We are more so reluctant to acknowledge that we were allowed to live, and go on pursuing ourselves and our dreams, whilst the girl child was sacrificed at our expense.
It is foolish to look at the growing number of girls starting out in school and think patriarchy has been defeated, and even go further to confuse yourself by thinking that women are the new dominators. Rather than facing the truth of who we are, fathers and uncles continue to rape little girls while mothers and aunts conceal it, from little boys.
It is nearly difficult for us as men to realise the crippling effects of a sense of powerlessness women feel at our hands. To be violated and abused is to be robbed of the security of reality.
Experiences no longer feels real anymore, there is only a constant and unyielding anxiety that at any moment and at your happiest, a man can reach his hand across to you when he so desires and tear a whole chapter out of your life’s book.
This is an actual reality in our society with too numerous incidents to count. Furthermore, to have to live with the actual possibility of rape, is a burden I imagine women carry with themselves everyday, everywhere.
This terrifying fear forces one to be always cautious and always alert in their spaces. To constantly remember that a general slip up, to forget, to be happy but a little, could mean disaster. This is but one of the inherited gifts of the trauma of being violated.
It is to live all in body alone with the fear to feel.
This is the world we have created, a world we benefit from and allow to flourish.
Those precious memories that have been the breath of our self concept as men, accompanied by R-kelly, his music and false realities ought to be one of the focus of our decolonisation. What are those things that we must dismantle within ourselves that threaten the freedom we seek?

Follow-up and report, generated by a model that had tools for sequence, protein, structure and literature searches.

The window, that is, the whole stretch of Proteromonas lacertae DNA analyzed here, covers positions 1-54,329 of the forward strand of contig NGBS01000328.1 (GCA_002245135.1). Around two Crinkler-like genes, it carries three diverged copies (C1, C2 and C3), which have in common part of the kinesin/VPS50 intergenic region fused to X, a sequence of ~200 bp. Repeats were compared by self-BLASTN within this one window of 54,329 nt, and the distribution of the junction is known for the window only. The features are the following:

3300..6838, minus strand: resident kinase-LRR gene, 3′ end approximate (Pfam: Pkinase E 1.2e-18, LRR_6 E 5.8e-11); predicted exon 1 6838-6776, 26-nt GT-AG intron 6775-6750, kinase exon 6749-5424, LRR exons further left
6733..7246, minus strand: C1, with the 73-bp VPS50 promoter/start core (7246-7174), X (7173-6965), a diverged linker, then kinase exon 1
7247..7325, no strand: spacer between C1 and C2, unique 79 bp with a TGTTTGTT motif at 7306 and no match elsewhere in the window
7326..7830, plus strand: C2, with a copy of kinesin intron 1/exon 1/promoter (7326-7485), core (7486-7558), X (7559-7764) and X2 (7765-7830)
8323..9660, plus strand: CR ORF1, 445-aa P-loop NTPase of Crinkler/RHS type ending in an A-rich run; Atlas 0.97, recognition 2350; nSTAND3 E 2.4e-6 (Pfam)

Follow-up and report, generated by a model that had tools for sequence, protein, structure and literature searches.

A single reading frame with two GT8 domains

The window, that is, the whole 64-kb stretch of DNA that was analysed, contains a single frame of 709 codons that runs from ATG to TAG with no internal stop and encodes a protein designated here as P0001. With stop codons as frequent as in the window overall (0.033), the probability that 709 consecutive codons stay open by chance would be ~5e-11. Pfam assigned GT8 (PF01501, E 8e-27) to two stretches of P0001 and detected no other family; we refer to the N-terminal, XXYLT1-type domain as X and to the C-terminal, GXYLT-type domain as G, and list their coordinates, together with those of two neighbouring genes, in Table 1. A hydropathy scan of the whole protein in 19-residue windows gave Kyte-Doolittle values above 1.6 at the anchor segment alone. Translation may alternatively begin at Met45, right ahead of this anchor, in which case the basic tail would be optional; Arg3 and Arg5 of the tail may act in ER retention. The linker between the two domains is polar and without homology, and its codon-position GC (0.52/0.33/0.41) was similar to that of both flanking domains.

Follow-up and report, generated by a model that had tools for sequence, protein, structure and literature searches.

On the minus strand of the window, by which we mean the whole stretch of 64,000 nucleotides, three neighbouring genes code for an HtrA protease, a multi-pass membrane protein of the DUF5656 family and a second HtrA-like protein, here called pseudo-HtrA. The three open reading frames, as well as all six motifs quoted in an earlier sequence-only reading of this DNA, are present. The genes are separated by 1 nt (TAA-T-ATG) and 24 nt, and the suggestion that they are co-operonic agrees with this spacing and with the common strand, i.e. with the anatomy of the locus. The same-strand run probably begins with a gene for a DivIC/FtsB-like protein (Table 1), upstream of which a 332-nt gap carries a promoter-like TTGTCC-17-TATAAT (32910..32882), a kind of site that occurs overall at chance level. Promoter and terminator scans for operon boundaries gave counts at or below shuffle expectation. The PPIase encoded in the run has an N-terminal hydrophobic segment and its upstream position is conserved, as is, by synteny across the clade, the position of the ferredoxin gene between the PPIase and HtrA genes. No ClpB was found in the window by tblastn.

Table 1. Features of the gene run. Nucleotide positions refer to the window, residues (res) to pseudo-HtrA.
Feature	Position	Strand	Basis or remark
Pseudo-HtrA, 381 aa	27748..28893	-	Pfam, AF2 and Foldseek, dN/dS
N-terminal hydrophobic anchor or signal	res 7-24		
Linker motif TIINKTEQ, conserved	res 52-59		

A decision has to be made about what kind of a society we are willing to be. And what type of a country we want to be? Are we a people that sacrifices half of its population to secure the privileges of the few? Do we seek our own turn to eat at the table whilst keeping inequalities for many?
If our fight for Azanian liberation is true then we should seek to not only distance ourselves from those violent and toxic indoctrinations of boyhood, but to constantly and actively eliminate every form of patriarchy woven in everyday norms and values. And tame that insidious need within ourselves to dominate the Other.
Our commitment to the past should be only in it inspiring answers to the great questions of our age. To stare relentlessly at a distant and indifferent past is to escape from today and to long for a time that seemed simpler, but deceptively built on misogyny.
If black men decided to feel, they would realise that the freedom of black women is the freedom of self. I hope it might dawn on us that throwing off the facade of forced gender inequality will not lead us to a collapse of society but freedom to self that allows one to serve humanity. It is removing a mask that hides our fears well but also hinders us from dealing with ourselves and grow as a people.
We have sadly convinced ourselves that as black men if we decided to feel, we would be preyed upon just like how we prey on women. Since in our minds feeling is a weakness, every boy has beaten out any form of expressing any emotions.
But to hate to feel means a love for unfeeling.
*** Nkateko Mabasa is a dropout and former student of Wits University and UJ. He is currently an intern at The Daily Maverick. And serves as a member of the PAC Johannesburg Central branch. His three great loves are God, literature and politics. And looks forward to the upcoming revolution and the demise of the White-Supremacist-Capitalist-Patriarchal society.